Cerebral Palsy: “Justin”

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justinI remember so clearly the first time someone said that Justin had cerebral palsy. It was over the phone, not even to my face. She said, Don’t be upset, Mrs. Johnson, your son has cerebral palsy. When he was six-months-old, I read an article in a women’s magazine which described a child whose abilities, or lack there of, matched Justin’s perfectly. I knew what it was, but every time I said the words out loud, those around me became very uncomfortable, so I, like them, tried to deny what I knew to be true. Now, after ten months of begging for answers, I was given the diagnosis, the dreaded words, the life sentence. It was the most excruciating pain I have ever felt in my life, and I believe that nothing else will ever hurt me as much as those two words. So I threw up for two days.

So I did next what I believe everyone does. I took Justin back to my pediatrician, and told her what the neurologist had said. Her casual reaction to this diagnosis was unbelievable, as she calmly explained to me that cerebral palsy is a general term used for many things, and that I shouldn’t worry too much about it. Now, at that time, I was no expert, but I do remember replying to her that, while those words may not mean much to her, I was well aware that it meant that Justin had damage to the motor areas of the brain. By this time, I knew that any doctor who was either unable or unwilling to spot severe brain damage in my son was to be of no use to me in his recovery, so I left and never returned.

So, I did what the neurologist suggested: I began taking Justin to physical therapy twice a week. Each time, I watched the therapist manipulate Justin in the center of an open room, trying to get him to stand up, drape his body over a large plastic ball and tickle him so that he might do sit-ups off the ball, and other maneuvers which made little sense to me. All of this occurred with a child who was incapable of lifting his head. Anyway, I watched like a hawk, searching for that change in Justin which would validate the success of the therapy. It never came. During one visit to this therapist, I mentioned to her that Justin’s eyes rolled around in his head from time to time, and she commented that it would be interesting to find out what was causing that. Another time, she told my mother that if Justin ever walked at all, which she did not anticipate, it would only be with a walker. I was livid. All this time, I thought her goals were the same as mine; I was looking for the total cure, and realized that she never even considered that as an option. This therapist obviously had no answers for Justin; it was up to me.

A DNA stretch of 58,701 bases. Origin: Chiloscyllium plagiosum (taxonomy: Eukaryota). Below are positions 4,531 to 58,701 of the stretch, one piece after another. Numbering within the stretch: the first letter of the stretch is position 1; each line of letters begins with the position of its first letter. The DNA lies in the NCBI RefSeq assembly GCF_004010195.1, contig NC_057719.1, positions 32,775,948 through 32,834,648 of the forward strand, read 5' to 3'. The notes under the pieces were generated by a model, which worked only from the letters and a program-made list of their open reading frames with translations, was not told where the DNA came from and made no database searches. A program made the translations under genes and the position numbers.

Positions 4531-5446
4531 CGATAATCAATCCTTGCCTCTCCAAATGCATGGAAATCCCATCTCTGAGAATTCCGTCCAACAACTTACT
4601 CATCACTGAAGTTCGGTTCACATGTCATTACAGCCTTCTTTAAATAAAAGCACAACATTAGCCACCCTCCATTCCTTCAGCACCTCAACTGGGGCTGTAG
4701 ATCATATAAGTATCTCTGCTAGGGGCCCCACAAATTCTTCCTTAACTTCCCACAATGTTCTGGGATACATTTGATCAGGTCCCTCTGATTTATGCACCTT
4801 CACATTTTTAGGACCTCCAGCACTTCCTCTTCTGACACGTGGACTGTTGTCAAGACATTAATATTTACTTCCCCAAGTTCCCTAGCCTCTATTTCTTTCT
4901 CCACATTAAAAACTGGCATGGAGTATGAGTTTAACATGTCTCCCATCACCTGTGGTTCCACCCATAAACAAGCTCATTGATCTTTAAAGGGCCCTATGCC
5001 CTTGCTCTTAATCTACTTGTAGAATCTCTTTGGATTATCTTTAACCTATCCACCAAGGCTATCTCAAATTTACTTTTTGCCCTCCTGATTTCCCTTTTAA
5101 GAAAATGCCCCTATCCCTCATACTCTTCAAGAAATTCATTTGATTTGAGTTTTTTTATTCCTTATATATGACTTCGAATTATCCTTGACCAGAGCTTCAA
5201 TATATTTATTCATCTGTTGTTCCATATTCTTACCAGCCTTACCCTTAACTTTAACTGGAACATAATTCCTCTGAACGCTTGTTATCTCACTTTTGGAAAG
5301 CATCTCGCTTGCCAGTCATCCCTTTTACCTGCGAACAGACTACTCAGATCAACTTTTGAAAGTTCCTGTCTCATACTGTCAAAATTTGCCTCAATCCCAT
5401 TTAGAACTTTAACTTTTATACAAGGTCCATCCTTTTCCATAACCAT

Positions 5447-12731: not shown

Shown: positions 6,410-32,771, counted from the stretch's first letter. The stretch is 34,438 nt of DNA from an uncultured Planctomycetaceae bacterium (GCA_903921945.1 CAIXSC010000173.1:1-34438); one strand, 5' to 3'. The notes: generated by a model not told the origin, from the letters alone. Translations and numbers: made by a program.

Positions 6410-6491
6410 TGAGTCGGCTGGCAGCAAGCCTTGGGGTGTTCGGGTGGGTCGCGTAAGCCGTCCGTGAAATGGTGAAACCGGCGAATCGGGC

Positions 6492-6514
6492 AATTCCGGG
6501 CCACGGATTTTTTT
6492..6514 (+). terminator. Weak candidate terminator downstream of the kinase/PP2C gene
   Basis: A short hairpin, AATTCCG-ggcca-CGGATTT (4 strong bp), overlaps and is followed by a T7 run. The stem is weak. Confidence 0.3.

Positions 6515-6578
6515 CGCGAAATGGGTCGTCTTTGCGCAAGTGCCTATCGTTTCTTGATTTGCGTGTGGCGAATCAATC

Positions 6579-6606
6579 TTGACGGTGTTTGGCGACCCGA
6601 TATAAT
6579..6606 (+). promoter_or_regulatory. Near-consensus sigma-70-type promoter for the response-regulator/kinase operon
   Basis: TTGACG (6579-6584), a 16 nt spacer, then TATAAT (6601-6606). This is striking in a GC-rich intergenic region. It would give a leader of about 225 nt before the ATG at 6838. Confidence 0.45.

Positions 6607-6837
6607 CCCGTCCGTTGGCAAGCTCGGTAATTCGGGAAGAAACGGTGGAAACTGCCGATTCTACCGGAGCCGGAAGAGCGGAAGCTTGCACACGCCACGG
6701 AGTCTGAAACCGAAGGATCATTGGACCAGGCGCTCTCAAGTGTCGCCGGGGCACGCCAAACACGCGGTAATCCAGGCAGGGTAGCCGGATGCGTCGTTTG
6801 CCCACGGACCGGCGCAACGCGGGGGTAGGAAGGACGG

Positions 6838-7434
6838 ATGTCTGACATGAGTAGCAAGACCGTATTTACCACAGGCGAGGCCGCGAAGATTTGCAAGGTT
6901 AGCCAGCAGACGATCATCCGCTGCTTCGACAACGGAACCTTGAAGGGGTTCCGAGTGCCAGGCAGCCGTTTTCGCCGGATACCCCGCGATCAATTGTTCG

I began researching. First, I scoured bookstores, buying any book which even contained a single mention of cerebral palsy. Then luck intervened. I met a mother who knew of NACD. She told me that Bob Doman came to Scottsdale every three months to evaluate children. I got an appointment that day. I told Justin’s therapist of my plans, and she told me that I was not accepting the reality of the situation, that this program would ruin my son. To this day, I believe that nothing is more damaging to an individual than prolonged lack of oxygen, and that her prognosis was not the ultimate truth. In fact, she was not accepting the reality very gracefully. So, Justin and I left.